Both Las Vegas Schools received an extra honor from Nevada State Senator Tick Segerblom, when they each were presented with a declaration of excellence because of their commitment to fostering a love of reading.
Bright Lights, Seuss City. Cat-a-Van Visits Vegas
Moving On to New Mexico
Somewhere between Las Vegas and Los Lunas, New Mexico, the western Cat-a-Van tour said goodbye to school secretary and NEA Executive Committee member Paula Monroe and picked up Greg Johnson, a music teacher and NEA Executive Committee member.
Johnson's first stop with the tour was at Desert View Elementary School, followed by a visit to Ann Parish Elementary. Both schools are in Los Lunas, New Mexico.
Located 25 miles south of Albuquerque, Los Lunas is a rural area that serves a large number of students living in poverty.
"We're in a rural part of New Mexico, and my students don't get to experience a lot of things, said Elena Trodden, principal at Ann Parish Elementary School. "For NEA and NEA-New Mexico to come here, it's huge for my kids."
Each school received $1,000 to purchase books for their libraries, and students received goody bags, thanks to NEA's partnership with Renaissance Dental. They learned the 2 x 2 + 20 equation - brush your teeth for two minutes, two times per day and read for 20 minutes each day - and enjoyed an animated reading of "Green Eggs and Ham" by Johnson.
"Dr. Seuss books are fun, they're quirky, they rhyme and kids who don't normally feel good about reading can feel good about reading a Dr. Seuss book," said Mary McGowan, an IEP Facilitator at Ann Parish Elementary and NEA-Los Lunas President.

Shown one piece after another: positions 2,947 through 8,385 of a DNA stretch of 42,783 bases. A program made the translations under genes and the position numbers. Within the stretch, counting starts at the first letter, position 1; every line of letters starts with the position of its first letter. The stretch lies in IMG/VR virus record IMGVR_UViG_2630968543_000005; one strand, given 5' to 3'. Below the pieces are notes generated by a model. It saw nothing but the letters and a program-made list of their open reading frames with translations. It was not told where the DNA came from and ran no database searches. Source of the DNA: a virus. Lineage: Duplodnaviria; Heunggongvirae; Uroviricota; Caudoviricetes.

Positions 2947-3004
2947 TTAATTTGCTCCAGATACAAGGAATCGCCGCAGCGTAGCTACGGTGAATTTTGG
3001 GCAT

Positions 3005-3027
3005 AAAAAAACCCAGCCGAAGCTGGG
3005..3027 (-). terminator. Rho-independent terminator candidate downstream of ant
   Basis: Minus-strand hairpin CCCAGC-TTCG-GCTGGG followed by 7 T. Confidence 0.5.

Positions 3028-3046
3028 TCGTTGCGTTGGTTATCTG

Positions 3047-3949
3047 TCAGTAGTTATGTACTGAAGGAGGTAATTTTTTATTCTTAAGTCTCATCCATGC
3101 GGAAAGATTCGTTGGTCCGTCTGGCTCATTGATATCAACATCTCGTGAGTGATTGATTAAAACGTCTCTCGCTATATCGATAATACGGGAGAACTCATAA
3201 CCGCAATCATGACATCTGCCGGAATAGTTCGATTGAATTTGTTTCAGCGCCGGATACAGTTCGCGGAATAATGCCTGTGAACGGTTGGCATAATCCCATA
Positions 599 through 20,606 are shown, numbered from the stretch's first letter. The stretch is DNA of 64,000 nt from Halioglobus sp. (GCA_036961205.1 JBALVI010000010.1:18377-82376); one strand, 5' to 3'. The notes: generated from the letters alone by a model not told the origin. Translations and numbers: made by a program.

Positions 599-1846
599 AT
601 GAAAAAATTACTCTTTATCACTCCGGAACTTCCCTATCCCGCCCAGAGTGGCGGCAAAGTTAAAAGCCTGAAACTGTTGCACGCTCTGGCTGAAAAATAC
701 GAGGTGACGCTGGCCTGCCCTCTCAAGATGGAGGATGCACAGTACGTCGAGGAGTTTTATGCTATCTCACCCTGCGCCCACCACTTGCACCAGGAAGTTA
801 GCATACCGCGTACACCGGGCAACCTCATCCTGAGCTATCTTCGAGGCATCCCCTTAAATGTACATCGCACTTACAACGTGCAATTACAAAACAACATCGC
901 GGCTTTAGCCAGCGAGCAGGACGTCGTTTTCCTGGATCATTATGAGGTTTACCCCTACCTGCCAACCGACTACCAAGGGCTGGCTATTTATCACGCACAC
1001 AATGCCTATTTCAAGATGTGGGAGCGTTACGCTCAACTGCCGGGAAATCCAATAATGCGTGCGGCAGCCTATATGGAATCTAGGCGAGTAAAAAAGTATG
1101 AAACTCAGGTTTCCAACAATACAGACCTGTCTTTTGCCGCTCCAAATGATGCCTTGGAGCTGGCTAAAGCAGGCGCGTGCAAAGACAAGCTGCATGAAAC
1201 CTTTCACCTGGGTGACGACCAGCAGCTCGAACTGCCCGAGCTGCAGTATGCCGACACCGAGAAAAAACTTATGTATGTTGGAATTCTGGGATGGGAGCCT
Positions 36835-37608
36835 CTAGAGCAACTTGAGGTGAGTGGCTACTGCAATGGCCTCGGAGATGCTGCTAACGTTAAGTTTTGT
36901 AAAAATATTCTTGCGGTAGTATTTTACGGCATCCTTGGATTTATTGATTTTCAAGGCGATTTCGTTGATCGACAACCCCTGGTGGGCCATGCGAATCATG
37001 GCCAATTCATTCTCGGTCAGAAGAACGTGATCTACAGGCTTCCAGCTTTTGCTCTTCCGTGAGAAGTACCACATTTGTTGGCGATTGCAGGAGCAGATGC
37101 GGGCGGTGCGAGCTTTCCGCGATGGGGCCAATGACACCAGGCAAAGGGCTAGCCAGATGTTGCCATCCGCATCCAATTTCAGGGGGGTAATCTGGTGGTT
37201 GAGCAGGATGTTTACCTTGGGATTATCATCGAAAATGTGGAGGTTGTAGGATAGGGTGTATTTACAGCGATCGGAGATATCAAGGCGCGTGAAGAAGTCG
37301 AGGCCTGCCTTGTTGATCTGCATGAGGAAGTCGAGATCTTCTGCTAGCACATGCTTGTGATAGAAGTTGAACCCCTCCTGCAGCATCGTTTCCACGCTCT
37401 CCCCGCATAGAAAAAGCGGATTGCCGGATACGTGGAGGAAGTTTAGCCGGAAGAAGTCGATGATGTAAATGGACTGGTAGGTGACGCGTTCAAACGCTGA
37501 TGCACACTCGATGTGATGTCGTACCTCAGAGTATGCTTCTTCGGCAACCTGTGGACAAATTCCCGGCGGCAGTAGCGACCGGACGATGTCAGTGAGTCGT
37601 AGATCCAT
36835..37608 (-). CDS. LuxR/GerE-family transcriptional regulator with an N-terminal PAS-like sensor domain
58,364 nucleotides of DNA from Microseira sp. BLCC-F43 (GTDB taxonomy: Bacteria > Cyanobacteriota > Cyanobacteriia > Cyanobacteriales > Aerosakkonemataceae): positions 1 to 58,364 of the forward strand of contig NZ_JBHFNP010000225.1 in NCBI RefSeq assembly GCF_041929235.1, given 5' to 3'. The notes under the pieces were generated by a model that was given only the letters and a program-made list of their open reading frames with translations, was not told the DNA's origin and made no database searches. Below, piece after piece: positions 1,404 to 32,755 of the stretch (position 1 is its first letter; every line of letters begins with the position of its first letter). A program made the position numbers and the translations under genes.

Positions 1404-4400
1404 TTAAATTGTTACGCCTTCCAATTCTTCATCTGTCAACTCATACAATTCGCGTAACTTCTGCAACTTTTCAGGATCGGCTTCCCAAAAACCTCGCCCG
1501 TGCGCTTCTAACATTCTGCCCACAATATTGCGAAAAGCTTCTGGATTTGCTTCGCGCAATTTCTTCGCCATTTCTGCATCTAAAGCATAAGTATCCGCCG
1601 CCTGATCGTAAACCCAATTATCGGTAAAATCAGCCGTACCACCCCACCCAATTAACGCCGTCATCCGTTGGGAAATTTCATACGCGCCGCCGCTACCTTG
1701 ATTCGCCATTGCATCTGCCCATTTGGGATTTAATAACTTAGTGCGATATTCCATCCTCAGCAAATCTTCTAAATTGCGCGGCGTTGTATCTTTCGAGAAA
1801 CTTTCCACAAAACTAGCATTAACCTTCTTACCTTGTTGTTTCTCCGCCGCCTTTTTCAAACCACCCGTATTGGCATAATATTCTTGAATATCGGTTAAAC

And while the educational parts of the program leave a lasting impression, it's the characters that really make NEA's Read Across America fun for the students.
"I like Thing 1 and Thing 2 because they came to visit us and they were very nice," exclaimed Nicholas, a student at Desert View Elementary.
"The Cat-a-Vans are a great part of NEA's Read Across America experience," explained Johnson. "We go out to schools, we give the kids a red and white hats and a book, and we let them know that reading is fun. The Cat-a-Vans allow that excitement and energy to come through. If a student is excited about grabbing a book and reading, they're going to get hooked. And they are going to read some more."
Last Stop, Little Rock
The last day of the tour was full of end-of-the-week excitement.
Students at Sherwood Elementary in Sherwood, Arkansas, had spent the week decorating the hallways and cafeteria with Dr. Seuss-inspired artwork.
"The program excites the boys and girls and gives them a reason for wanting to learn more through reading," explained Josephine Brazil, the principal at Sherwood.
After being welcomed by Brazil, Arkansas Education Association President Donna Morey introduced Greg Johnson and his trademark high-five to the crowd of young readers. Cindy Matthey, the literacy instruction facilitator at Sherwood and Sandra Guthrie, librarian, lead the students in taking the Reader's and Brusher's oath.
From Sherwood, the Cat-a-Van traveled to the brand new Children's Library in Little Rock, Arkansas. Not yet open to the public, students from Franklin and Landmark Elementary Schools were the first to enjoy the new space.
As with all the stops on NEA's Read Across America Cat-a-Van tour, each of the schools received $1,000 for their school libraries in addition to goody bags filled with books, toothbrushes, timers and more for students.
Accompanying students from Landmark was Laura Montgomery, a homeschool consultant at the school and president of NEA's National Council of Education Support Professionals (ESPs). Celebrating reading also involves celebrating the staff at schools who get students ready to learn each day.
"Support staff play a huge roll because we put smiles on children’s faces and make sure all of their needs are met before they enter into the classroom," said Montgomery.